This is also true for STA Pharmaceuticals, now the largest process chemistry organization, employing more than 1000 scientists. It is about to open its third plant at it Changzhou site, and there are further plans to build another six over the next 5 years. Yu Lu explained, “We can now offer biocatalysis, transition metal catalysis, large-scale chromatography, continuous manufacturing, and a large-scale spray drier, so the site is now fully integrated from preclinical to commercial, from process development to manufacturing, all on one campus.”
JM's Bernhard Paul said, “JM is investing in new technology. We see a trend for the industry moving towards continuous processing, and this drove our recent agreement with Snapdragon Chemistry that enhances our offering in flow chemistry.”
Piramal has continuous flow equipment in India, and is also investing in biocatalysis, making chirally-pure molecules. Ramesh Subramanian explained, “Our idea is to use enzymes to drive optimal solutions for API… it ties in with our route-scouting initiative that provides better, more cost-effective manufacturing solutions for our customers.”
In addition, JM's Bernhard Paul sees small molecules becoming more complex and larger, which leads to bioavailability challenges. “Delivering API in a form that maximizes bioavailability is a big challenge,” he said. “This is an area where technologies like spray drying or hot melt extrusion can help get the API in an ideal form for our customers.”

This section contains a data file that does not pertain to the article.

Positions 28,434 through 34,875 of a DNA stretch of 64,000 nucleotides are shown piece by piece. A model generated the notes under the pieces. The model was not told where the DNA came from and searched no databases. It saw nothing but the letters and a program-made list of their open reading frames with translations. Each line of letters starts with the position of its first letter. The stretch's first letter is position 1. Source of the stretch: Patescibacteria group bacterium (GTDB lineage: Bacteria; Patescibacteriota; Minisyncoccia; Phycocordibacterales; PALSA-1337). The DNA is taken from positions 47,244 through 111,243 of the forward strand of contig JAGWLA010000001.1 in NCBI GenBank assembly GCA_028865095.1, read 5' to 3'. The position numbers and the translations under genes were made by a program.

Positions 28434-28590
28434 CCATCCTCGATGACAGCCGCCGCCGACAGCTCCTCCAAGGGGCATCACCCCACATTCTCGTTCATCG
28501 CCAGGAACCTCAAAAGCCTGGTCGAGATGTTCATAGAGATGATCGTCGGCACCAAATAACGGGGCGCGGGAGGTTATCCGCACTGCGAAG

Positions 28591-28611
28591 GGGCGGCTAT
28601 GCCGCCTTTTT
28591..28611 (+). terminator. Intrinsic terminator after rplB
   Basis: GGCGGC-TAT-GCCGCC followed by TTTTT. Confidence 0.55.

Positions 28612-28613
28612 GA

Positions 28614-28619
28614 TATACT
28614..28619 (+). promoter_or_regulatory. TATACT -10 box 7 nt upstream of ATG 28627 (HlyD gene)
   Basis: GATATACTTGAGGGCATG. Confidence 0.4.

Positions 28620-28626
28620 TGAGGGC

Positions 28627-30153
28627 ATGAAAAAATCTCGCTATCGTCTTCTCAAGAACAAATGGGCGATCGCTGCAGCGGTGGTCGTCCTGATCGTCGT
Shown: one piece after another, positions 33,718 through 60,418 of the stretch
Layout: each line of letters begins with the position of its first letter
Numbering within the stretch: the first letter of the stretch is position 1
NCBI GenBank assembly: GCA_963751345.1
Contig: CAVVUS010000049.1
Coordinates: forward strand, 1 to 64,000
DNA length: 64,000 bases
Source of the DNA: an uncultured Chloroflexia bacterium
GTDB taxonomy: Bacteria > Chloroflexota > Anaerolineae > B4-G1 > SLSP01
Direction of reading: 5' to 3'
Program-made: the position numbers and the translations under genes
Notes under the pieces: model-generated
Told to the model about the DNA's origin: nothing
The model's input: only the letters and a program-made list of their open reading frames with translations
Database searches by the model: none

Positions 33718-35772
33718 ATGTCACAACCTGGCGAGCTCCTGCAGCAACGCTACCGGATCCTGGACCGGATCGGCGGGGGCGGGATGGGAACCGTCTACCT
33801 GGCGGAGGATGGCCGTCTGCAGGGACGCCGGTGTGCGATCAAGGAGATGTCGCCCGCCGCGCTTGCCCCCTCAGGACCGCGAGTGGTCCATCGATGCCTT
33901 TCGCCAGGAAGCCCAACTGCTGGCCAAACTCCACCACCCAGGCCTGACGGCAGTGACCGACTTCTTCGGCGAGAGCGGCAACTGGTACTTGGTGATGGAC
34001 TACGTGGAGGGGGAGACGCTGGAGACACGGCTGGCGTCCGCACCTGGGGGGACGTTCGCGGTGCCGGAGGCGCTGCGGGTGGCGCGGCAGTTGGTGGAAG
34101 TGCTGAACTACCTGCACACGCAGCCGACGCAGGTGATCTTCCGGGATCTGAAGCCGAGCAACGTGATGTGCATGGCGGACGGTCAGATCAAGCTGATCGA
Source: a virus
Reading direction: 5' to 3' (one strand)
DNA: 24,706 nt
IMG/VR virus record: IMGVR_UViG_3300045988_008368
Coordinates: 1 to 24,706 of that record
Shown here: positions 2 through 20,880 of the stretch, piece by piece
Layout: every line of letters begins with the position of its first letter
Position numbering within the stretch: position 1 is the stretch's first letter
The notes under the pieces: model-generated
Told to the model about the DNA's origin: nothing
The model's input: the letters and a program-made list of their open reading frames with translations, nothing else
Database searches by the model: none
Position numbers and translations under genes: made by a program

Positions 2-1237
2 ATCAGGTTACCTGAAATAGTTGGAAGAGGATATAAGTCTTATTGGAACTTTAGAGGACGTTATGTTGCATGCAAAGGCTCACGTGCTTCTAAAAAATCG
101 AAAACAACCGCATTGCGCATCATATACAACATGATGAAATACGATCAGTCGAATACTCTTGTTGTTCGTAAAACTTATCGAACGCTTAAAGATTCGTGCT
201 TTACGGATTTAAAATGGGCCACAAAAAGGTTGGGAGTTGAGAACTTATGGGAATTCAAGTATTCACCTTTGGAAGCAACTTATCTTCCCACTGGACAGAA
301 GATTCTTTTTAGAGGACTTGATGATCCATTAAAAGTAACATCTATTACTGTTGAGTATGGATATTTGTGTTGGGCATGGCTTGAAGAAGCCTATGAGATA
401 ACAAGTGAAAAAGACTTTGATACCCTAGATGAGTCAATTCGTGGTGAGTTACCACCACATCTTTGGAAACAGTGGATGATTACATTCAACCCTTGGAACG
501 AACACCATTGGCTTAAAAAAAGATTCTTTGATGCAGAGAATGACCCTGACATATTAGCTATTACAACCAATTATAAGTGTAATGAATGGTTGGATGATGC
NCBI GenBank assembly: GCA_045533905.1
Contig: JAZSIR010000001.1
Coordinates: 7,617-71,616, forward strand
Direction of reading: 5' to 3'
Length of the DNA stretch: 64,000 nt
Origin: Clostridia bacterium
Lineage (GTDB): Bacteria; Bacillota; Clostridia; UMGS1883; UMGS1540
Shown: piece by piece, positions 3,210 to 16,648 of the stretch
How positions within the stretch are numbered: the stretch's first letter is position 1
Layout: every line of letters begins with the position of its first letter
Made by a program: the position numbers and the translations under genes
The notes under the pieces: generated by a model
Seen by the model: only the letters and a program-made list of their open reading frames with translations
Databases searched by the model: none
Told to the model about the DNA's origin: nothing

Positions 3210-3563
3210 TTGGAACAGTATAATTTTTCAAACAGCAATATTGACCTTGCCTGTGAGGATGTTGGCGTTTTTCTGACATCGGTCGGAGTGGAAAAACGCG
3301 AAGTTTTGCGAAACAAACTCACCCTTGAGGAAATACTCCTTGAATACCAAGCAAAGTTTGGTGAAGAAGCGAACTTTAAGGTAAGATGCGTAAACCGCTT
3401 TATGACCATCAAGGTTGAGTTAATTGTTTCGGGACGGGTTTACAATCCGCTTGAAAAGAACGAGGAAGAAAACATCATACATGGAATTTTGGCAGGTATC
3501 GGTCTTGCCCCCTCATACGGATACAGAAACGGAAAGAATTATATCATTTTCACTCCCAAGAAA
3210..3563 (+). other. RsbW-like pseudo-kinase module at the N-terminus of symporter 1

The key, concluded Cambrex’s Alex Maw, is to bring in the technology when it meets a customer’s requirements to handle difficult chemistries and provide differentiation.
Avara Pharmaceutical Services’ Jim Scandura agreed, saying “Our customers drive our investments. For example, we recently invested in HPAPI manufacturing and sterile fillables, and as we acquire more sites we will acquire more technology… Lots of pharma companies are consolidating the numbers of companies they work with, so expanding our service offering in response to our customers enables a broader scope for partnership and collaboration.”
Piramal’s Ramesh Subramanian also highlighted the importance of investing in the technology to provide integrated services, saying “It’s a huge opportunity as people look to consolidate.”
“We’re not looking to be the biggest – just the best in the eyes of our customers,” concluded Avara’s Jim Scandura.